PC, UP, BC, ospeed, tgetent, tgetflag, tgetnum, tgetstr, tgoto, tputs -
   direct curses interface to the terminfo capability database


   #include <curses.h>
   #include <term.h>

   extern char PC;
   extern char * UP;
   extern char * BC;
   extern short ospeed;

   int tgetent(char *bp, const char *name);
   int tgetflag(char *id);
   int tgetnum(char *id);
   char *tgetstr(char *id, char **area);
   char *tgoto(const char *cap, int col, int row);
   int tputs(const char *str, int affcnt, int (*putc)(int));


   These routines are included as a conversion aid for programs  that  use
   the  termcap  library.   Their parameters are the same and the routines
   are emulated using the terminfo database.  Thus, they can only be  used
   to  query  the  capabilities  of entries for which a terminfo entry has
   been compiled.

   The tgetent routine loads the entry for name.  It returns:

      1  on success,

      0  if there is no such entry (or that it is a generic  type,  having
         too little information for curses applications to run), and

      -1 if the terminfo database could not be found.

   This differs from the termcap library in two ways:

      ·   The  emulation  ignores  the  buffer  pointer  bp.   The termcap
          library would store a copy of the terminal  description  in  the
          area  referenced  by  this pointer.  However, ncurses stores its
          terminal descriptions in compiled binary form, which is not  the
          same thing.

      ·   There is a difference in return codes.  The termcap library does
          not check if the terminal description is marked with the generic
          capability,   or   if   the  terminal  description  has  cursor-

   The tgetflag routine gets the boolean entry for id, or zero  if  it  is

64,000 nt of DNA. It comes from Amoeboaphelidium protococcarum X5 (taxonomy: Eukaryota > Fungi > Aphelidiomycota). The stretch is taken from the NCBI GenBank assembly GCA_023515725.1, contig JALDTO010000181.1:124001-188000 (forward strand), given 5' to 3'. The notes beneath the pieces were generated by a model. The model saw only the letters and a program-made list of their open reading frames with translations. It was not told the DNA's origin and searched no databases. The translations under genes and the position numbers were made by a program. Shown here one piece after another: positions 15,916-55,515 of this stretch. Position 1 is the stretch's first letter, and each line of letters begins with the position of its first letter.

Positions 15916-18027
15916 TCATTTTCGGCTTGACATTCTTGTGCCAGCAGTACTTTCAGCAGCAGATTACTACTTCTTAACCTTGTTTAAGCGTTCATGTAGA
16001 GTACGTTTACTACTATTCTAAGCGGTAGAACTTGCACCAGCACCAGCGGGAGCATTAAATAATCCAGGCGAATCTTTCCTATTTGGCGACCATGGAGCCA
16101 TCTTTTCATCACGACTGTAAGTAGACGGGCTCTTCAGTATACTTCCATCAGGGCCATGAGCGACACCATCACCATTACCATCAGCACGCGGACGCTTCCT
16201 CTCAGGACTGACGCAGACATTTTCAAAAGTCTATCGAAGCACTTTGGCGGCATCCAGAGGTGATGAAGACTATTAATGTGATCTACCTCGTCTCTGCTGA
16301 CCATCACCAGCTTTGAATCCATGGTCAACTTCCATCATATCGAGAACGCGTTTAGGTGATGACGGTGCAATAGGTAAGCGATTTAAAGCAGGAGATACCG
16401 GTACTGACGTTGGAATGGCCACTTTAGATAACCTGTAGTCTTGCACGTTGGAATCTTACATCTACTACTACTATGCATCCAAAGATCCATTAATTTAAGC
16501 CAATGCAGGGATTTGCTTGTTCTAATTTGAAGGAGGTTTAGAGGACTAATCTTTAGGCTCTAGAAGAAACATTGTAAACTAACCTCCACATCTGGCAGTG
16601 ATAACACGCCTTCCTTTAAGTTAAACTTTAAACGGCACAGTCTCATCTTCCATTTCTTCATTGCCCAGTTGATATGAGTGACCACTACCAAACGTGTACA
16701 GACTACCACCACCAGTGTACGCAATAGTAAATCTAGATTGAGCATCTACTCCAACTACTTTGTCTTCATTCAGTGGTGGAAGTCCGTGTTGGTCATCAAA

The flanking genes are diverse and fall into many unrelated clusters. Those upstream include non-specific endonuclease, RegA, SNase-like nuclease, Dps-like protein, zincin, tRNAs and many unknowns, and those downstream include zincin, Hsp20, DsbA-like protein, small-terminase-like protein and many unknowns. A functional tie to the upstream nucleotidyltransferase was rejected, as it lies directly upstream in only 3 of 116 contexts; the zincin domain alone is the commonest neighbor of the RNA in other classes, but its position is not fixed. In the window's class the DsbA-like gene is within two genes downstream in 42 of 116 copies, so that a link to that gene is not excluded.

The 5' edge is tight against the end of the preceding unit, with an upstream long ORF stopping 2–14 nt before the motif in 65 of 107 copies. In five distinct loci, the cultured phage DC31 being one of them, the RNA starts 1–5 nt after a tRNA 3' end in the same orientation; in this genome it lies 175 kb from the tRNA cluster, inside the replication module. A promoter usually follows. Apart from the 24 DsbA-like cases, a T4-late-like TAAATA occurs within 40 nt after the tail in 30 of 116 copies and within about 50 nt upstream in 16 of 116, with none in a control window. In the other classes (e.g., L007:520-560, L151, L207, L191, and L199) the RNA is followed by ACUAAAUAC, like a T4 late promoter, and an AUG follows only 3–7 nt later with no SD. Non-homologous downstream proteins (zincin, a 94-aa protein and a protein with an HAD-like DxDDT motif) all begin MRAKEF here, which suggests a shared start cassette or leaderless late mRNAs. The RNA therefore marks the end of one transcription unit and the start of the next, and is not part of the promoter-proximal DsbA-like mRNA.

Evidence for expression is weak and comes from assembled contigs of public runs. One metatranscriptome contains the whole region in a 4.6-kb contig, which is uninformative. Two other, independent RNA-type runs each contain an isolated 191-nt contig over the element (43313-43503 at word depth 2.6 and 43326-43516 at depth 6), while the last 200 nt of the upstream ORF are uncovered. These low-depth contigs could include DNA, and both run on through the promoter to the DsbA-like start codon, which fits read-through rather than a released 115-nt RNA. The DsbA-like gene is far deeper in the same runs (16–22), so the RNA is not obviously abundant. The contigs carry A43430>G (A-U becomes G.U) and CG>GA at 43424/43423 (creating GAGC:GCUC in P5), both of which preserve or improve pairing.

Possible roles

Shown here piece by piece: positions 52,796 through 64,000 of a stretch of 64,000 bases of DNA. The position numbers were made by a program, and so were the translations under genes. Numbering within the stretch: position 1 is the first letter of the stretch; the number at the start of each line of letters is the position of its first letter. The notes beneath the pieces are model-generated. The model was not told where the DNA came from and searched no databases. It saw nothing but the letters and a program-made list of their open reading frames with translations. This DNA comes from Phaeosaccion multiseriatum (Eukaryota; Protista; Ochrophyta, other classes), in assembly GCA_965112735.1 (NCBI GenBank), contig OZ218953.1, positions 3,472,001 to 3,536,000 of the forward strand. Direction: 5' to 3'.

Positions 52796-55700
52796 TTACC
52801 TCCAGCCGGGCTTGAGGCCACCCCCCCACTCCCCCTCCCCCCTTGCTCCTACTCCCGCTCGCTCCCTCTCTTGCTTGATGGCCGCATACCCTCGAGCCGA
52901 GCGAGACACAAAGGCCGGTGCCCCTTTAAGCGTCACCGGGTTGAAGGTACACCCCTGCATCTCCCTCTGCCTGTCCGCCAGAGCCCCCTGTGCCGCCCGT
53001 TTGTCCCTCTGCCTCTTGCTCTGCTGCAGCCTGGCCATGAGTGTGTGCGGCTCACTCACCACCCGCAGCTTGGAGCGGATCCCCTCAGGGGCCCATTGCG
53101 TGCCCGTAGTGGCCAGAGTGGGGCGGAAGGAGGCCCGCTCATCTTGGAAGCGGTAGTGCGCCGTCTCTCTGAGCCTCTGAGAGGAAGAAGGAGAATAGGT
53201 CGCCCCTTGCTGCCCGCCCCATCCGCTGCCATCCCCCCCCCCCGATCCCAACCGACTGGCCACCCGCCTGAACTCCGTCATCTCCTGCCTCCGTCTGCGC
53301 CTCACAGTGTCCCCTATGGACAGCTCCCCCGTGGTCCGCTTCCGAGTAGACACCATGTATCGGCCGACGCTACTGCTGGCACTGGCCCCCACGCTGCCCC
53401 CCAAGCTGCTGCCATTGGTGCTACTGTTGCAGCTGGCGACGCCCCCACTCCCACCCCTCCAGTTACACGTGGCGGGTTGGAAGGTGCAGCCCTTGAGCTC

not available.

   The  tgetnum  routine gets the numeric entry for id, or -1 if it is not

   The tgetstr routine returns the string entry for id, or zero if  it  is
   not  available.   Use  tputs  to  output the returned string.  The area
   parameter is used as follows:

      ·   It is assumed to be the address of a pointer to a buffer managed
          by the calling application.

      ·   However,  ncurses  checks  to  ensure that area is not NULL, and
          also that the resulting buffer pointer is not NULL.   If  either
          check fails, the area parameter is ignored.

      ·   If  the  checks succeed, ncurses also copies the return value to
          the buffer pointed to by  area,  and  the  area  value  will  be
          updated to point past the null ending this value.

      ·   The   return   value  itself  is  an  address  in  the  terminal
          description which is loaded into memory.

   Only the first two characters of the id parameter of tgetflag,  tgetnum
   and tgetstr are compared in lookups.

   The tgoto routine expands the given capability using the parameters.

   ·   Because  the  capability may have padding characters, the output of
       tgoto should be passed to  tputs  rather  than  some  other  output
       function such as printf.

   ·   While  tgoto  is  assumed  to  be used for the two-parameter cursor
       positioning  capability,  termcap  applications  also  use  it  for
       single-parameter capabilities.

       Doing  this  shows  a  quirk  in tgoto: most hardware terminals use
       cursor addressing with row first, but the  original  developers  of
       the termcap interface chose to put the column parameter first.  The
       tgoto function swaps the order of parameters.  It  does  this  also
       for  calls  requiring  only  a single parameter.  In that case, the
       first parameter is merely a placeholder.

   ·   Normally the ncurses library is compiled with terminfo support.  In
       that case, tgoto uses tparm (a more capable formatter).

   The  tputs  routine is described on the terminfo(3NCURSES) manual page.